You may wish to find a concordance of the Tanakh and review and discuss the different shades of meaning attached to rain. (a concordance is a book that indexes every word in a work of literature and lists every place where the given word appears. The leading Hebrew/English concordances for Tanakh are by (a) Mandelkern, and (b)Brown, Driver and Briggs.)

When the winter rains arrive in the African veldt the dry grasslands spring to life.  Watering holes fill where the rains fall, and animals crowd around to drink and wash. Where the rain has saturated the dry ground the withered grass sprouts with new life and the bare trees send forth leaves and blossoms.  Jutting into view we see not only the tiny honeybee sitting atop the dahlia, but also a stalk of pink lilies.  You will find the lovely midrashic tale and symbolism of the lily in the commentary on the letter tet in All the World Praises You! In a break above the clouds we glimpse the deep field of the sky glittering with innumerable stars (again adapted from the Hubble photograph in Aleph, in the first post in this series and in the book), reminding us of God’s unseen but all-suffusing presence.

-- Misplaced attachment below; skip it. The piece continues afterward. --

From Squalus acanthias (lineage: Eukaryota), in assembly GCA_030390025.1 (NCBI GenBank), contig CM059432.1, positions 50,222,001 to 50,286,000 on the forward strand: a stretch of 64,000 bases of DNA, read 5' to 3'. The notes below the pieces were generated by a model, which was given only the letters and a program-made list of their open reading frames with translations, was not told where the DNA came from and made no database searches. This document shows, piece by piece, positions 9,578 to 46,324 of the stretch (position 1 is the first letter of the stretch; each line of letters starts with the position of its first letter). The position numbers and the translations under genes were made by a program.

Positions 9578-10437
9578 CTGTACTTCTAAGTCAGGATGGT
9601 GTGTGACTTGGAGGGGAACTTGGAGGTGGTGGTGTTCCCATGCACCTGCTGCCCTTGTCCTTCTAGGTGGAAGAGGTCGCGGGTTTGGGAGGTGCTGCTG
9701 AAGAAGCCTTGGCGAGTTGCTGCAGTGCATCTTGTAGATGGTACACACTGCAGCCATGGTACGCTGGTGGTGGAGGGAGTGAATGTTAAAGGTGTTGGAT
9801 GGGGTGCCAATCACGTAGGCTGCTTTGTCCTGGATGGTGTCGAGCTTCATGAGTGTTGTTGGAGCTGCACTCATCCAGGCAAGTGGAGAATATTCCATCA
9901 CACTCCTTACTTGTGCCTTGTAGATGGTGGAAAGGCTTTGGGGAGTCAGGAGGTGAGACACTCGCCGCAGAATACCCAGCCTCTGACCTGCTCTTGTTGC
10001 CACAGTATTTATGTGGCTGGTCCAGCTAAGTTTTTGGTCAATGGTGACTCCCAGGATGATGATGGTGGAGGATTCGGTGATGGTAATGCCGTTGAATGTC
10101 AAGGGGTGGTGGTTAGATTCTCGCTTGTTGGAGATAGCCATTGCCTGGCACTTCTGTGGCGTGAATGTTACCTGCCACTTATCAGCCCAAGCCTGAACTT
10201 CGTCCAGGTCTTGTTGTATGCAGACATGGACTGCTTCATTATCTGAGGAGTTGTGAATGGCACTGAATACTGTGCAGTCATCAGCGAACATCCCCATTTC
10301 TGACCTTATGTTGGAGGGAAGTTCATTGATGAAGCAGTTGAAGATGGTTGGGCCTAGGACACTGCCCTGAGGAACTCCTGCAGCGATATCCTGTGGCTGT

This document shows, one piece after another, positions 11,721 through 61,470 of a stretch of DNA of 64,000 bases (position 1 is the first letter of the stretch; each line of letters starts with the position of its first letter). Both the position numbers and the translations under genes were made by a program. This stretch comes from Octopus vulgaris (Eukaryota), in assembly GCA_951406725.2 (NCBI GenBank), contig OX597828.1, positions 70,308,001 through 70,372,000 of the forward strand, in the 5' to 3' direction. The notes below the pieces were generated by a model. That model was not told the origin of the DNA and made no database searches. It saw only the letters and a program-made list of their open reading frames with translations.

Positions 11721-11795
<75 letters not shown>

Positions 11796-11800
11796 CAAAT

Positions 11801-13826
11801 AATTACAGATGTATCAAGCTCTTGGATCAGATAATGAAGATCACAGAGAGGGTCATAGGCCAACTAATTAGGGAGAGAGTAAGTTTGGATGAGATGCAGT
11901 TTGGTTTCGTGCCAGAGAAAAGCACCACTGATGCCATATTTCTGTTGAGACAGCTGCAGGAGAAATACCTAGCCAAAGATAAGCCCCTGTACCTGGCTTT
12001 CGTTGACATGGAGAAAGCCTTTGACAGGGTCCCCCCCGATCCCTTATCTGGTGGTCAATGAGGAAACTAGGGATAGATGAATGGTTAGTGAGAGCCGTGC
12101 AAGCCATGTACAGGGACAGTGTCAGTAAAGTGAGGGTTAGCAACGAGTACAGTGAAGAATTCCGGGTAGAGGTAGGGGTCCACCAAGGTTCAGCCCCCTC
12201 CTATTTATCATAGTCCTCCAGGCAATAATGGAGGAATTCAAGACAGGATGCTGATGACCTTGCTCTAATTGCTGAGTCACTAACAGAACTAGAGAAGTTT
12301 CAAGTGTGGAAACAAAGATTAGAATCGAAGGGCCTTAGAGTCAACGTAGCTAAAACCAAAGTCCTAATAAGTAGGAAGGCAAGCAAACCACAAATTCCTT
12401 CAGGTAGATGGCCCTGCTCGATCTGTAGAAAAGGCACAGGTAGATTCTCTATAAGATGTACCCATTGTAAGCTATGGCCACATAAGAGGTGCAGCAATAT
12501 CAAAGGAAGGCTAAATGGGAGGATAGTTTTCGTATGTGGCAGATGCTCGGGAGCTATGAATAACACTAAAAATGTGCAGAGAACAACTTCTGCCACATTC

The poetry and painting lead us to muse about aspects of our own lives, our relationship with God, and how we relate to the natural world in both our mundane and our spiritual lives.

  • Do you regard rain as a nuisance or as an essential part of life?
  • Has the area you live in experienced a change in rain patterns?
  • What does the rain in your area tell you about the health of the land, and the way we humans meet our obligation (and self-interest) to care for the land?

You will find  more information on All the World Praises You! on its webpage. Another version of this essay, including suggestions for related reading, along with materials for elementary-school age and bar/bat mitzvah age readers— rich discussions of the paintings’ meaning, the letter itself, explorations in environmental science, and even links to “citizen-science” programs— are available at Diving Deeper! Enrichment Materials for All the World Praises You!  Enjoy— There’s more to come!
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All the World Praises You! is available (shipping July 15) wherever books are sold in the USA, and through Amazon.com across the world. Please see www.AlltheWorldPraisesYou.com for more information. The notes above are adapted from Diving Deeper: Enrichment Materials for All the World Praises You: please click on the link above for more!

All the World Praises You! an illuminated aleph-bet book, by Debra Band, with new translations by Arnold J. Band. All materials herein copyright (c) Debra Band 2018. All rights reserved.

About the Author
Debra Band’s works include illuminated books, ketubot and other artwork. She exhibits and lectures across the English-speaking world. Her celebrated books, fusing scholarship with fine art, illuminate the Song of Songs, Psalms, biblical women’s stories;the Friday night liturgy and customs, and her adaptation of the medieval classic, Perek Shira, All the World Praises You: an illuminated Aleph-Bet book (July 15, 2018).